Innovations are bringing change to ocean shipping

Yara Birkeland's ship produces no emissions and operates autonomously.

Yara Birkeland's ship produces no emissions and operates autonomously.

Digitalization is changing shipping dynamics, while renewable technologies are re-inventing the energy mix

Remember when you had to wait to flag down a taxi? Now we order a taxi via an app and it arrives at your door within minutes. Remember when you had to shop around for the cheapest product? Now the whole market can be compared at the click of a button.

Shipping innovation has been left fairly stagnant while all around us we see the profound impact of technological advancements. We continue to see human labor manually off-load mixed products of shipping containers, and then manually refill them for the next trip.

Ninety percent of the world’s trade travels by ship, the same as it was many centuries ago. But, unlike many centuries ago, the demand for freight shipping has seen exponential rises. The requirements for the industry are growing and technological innovations will provide efficiency gains in current business models.

There is a surge in tech start-ups seeking to modernize and pave the way for a new reality in global shipping.

Traditional charting procedures can consume a large amount of time and effort, trying to match vessel owners with your business needs. OpenSea seeks to solve this issue and bring freight shipping into the 21st century. It offers vessel owners a marketplace to match with suitable candidates, and with that offers customers an open market offering the best rates to suit your needs. Other similar market entrants include Kontainers, that again connects business and cargo ships with instant booking facilities.

Blockfreight uses blockchain technology to allow stakeholders to have access to an advanced automated global ledger with digital security, authentication, and chain of custody data associated with every freight container. It has the potential to reduce the inefficiencies associated with freight transactions, furthermore, claiming it unlocks the opportunity for new and innovative applications serving the needs of the global supply chain.

Tech start-ups are dramatically changing the landscape of how the industry operates all the way down the supply chain, using automated technology to make substantial efficiency savings with the potential to reduce costs and provide a solution for the continuous demand for shipping products.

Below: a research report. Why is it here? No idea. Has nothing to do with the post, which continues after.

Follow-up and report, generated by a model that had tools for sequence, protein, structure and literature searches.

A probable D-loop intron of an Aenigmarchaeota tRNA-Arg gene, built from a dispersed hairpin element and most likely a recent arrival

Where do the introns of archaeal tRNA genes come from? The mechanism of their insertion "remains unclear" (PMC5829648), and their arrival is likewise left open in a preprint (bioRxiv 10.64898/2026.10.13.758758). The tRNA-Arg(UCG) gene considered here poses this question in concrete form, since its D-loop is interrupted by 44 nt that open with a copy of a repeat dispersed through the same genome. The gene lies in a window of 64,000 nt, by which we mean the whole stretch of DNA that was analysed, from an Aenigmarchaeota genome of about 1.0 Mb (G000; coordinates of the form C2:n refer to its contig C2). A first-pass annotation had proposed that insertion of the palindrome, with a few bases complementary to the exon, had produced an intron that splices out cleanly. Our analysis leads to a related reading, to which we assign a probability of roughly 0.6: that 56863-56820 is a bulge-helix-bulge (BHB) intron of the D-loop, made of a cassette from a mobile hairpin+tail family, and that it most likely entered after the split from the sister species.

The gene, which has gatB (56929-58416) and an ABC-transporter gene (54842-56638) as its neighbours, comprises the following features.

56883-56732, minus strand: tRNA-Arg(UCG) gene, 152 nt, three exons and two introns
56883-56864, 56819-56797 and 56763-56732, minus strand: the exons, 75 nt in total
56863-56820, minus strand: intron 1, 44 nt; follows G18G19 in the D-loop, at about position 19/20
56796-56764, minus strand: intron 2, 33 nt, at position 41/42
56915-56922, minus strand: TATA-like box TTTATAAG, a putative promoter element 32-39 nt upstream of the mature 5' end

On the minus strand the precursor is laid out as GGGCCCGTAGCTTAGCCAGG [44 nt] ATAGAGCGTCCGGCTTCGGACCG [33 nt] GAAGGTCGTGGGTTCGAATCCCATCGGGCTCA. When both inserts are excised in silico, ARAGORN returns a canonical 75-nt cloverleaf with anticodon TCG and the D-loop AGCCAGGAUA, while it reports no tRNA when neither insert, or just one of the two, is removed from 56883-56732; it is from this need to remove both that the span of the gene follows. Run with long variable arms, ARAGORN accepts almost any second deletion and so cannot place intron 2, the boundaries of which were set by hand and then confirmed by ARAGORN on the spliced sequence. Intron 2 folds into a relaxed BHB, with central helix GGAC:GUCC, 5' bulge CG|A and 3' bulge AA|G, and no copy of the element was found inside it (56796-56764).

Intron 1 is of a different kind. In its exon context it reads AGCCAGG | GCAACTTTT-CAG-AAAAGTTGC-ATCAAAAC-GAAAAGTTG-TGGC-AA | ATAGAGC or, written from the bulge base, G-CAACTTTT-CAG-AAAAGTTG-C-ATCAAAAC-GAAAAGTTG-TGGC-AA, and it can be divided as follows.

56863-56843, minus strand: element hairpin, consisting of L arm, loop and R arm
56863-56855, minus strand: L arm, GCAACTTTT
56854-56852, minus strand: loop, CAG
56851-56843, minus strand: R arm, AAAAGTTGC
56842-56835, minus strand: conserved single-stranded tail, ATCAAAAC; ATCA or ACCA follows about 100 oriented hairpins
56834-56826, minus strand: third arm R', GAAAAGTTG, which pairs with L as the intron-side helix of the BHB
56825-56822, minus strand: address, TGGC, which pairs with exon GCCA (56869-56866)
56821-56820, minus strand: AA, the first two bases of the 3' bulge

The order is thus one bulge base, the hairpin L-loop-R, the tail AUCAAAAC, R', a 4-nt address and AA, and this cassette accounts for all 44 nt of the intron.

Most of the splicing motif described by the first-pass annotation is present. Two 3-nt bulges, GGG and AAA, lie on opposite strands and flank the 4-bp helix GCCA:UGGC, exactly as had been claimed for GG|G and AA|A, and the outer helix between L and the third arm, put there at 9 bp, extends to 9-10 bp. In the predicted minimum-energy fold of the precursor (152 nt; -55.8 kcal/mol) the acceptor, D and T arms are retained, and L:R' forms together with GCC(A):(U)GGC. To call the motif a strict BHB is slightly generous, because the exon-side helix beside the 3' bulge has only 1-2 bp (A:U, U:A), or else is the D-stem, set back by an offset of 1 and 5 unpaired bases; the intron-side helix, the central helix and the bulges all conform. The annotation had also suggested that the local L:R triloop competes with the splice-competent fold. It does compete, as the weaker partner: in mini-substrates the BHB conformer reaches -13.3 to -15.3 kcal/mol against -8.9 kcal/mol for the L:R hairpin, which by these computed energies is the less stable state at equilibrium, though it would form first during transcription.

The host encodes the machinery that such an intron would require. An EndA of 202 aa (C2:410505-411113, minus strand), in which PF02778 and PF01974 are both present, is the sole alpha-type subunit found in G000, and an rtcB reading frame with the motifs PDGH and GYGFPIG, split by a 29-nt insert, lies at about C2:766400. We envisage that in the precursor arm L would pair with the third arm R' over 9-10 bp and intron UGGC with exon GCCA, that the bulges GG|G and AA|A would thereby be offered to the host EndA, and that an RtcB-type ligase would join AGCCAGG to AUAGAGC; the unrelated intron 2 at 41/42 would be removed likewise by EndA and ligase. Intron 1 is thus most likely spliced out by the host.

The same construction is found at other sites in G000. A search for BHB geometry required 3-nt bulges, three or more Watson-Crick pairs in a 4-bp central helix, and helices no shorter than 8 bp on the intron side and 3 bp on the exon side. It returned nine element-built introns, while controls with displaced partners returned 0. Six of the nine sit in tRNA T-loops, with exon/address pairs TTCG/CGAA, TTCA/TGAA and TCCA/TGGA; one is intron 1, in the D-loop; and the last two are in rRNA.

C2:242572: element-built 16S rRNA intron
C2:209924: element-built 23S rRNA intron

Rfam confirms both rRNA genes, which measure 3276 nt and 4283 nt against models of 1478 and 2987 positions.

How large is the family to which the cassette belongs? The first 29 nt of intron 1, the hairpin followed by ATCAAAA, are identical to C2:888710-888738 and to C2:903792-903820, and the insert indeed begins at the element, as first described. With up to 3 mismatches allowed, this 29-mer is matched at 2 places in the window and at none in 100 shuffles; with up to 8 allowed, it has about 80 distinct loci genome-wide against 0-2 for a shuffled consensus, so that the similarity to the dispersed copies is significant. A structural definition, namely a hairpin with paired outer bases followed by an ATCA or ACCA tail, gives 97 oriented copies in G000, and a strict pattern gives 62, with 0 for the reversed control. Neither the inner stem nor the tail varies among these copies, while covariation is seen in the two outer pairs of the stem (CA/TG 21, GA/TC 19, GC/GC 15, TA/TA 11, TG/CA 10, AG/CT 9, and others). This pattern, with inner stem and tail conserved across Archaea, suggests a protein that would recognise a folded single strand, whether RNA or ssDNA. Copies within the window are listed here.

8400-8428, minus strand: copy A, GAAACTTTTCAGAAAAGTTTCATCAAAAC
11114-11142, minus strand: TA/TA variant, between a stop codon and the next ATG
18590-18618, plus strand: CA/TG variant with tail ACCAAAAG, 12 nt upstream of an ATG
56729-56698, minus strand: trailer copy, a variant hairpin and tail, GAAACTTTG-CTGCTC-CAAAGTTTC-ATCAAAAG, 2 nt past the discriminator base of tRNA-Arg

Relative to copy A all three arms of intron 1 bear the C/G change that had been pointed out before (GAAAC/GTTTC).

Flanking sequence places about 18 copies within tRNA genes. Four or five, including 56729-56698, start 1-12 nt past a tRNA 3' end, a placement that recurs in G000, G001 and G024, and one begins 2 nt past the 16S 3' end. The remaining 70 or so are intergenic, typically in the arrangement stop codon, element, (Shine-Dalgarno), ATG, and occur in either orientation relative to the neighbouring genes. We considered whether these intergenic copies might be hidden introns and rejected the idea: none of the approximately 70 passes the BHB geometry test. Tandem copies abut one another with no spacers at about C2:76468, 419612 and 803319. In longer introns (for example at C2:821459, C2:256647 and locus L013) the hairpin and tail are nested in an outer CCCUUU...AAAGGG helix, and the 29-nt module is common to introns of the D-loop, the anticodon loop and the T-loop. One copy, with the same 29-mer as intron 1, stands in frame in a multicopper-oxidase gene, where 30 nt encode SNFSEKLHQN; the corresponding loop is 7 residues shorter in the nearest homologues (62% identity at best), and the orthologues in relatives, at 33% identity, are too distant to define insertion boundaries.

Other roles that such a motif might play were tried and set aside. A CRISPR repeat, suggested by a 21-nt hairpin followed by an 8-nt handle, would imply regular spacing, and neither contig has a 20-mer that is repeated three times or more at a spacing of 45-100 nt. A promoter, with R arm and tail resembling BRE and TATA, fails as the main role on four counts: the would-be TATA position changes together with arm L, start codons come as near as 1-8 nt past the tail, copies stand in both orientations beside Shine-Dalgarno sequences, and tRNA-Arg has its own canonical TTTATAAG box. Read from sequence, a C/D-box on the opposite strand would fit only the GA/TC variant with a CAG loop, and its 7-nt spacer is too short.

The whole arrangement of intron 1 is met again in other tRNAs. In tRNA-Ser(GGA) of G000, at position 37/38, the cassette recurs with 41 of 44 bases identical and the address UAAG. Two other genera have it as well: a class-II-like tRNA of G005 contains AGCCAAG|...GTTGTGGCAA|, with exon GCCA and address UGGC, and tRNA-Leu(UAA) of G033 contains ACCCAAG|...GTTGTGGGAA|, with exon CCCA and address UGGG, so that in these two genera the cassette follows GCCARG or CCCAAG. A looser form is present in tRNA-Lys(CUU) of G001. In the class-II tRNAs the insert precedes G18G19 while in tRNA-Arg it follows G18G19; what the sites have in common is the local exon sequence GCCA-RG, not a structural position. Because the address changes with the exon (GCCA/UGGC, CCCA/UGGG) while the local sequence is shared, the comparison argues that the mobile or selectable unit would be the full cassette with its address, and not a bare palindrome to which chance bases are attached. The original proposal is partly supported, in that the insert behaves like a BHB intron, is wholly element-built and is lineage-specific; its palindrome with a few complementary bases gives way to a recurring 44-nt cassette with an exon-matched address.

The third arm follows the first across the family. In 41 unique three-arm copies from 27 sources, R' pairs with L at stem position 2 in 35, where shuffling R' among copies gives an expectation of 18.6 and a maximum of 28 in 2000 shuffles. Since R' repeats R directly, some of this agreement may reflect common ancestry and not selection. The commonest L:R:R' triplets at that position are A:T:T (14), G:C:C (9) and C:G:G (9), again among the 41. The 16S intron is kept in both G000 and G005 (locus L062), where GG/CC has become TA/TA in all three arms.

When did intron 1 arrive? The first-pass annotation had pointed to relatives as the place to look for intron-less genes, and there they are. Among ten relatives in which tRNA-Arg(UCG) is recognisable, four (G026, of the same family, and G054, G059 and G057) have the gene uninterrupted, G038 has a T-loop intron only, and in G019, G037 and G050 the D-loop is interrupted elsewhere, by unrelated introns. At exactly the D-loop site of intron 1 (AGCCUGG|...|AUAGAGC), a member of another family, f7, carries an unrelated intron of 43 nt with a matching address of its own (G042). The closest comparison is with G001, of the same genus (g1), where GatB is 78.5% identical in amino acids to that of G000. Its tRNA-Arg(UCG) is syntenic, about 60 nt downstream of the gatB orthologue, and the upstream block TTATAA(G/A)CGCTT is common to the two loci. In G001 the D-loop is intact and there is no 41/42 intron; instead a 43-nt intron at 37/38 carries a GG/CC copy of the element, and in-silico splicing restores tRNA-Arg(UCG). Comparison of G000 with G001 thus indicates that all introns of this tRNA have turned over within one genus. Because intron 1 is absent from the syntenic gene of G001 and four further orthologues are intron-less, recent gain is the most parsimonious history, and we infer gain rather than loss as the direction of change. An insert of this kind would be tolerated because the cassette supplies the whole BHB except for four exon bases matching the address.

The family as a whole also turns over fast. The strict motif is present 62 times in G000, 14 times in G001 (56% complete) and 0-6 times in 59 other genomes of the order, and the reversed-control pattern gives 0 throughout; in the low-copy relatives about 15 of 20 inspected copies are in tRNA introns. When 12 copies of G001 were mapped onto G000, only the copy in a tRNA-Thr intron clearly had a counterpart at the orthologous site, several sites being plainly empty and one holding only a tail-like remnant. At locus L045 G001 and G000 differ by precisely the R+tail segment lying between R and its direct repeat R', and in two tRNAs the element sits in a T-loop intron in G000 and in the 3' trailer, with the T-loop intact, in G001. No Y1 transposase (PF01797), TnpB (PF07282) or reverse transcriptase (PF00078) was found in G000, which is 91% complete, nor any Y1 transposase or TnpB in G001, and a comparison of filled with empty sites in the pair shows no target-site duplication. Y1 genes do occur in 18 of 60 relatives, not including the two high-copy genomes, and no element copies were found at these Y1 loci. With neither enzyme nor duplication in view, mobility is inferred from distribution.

Another concern for policy makers and environmentalists is the carbon footprint left from shipping vessels.

Electric and autonomous vehicles create an opportunity to reduce fossil fuel energy demand through  opportunities in ridesharing and pooling. However, reducing the energy demand for freight transportation is perhaps more complex. The digital innovation of shopping online shifted the energy demand from personal vehicles to freight delivery vehicles. Innovations must come from efficiency gains and fuel technologies.

According to EIA, the world freight sector energy consumption is set to increase by a third by 2040, while shipping accounts for 12% of overall freight consumption, it is set to double by 2040.

This would result in more freight forwarders on our seas, and therefore perhaps more impetus on creating efficiencies. Shipping out of all the freight options is already the most efficient per mile traveled and has seen a 59.5% increase in efficiencies from the 1980s to date, but improvements don’t stop there.

“If ships were to move to cleaner diesel fuels, that would be a big reduction in emissions,” said Genevieve Giuliano, director of the METRANS Transportation Center at the University of Southern California. The major shipping players are looking into new marine fuels and other sustainability measures.

Moving one step ahead, do renewables have the power to serve the shipping industry? Whether it is possible or not, significant investment is being made to make this a reality.

YARA Birkeland plans to launch the world’s first all-electric cargo ship by 2018, with the vessel being fully autonomous by 2020. The electrically powered vessel ship has only a capacity of 150 containers - which is a small ship by today’s standards - but according to the Wall Street Journal, because of the reduced cost of fuel and redundancy of staff requirements will save up to 90% in operating costs per year.

Eco Marine Power is developing an Integrated Wind and Solar Power System for Sustainable Shipping. The Aquarius MRE consists of rigid sails, solar panels, and energy storage capabilities, and with the ability to install on existing ship fleets will enable ships to tap into wind and solar power to help fuel the vessel.

A zero emissions ship powered by renewables is most certainly in the pipeline, YARA Birkeland could serve as a litmus test for the viability of renewables and whether the discussion of mass adoption is indeed a possibility.

Manual processors which are extremely time-consuming such as finding a container are becoming digitalized and automation is enhancing the on- and off-loading process. Renewable technologies are making sustainable shipping a reality. Technology driven innovations have been stagnant for over a century in the shipping industry, however, the outlook over the next century is much more promising.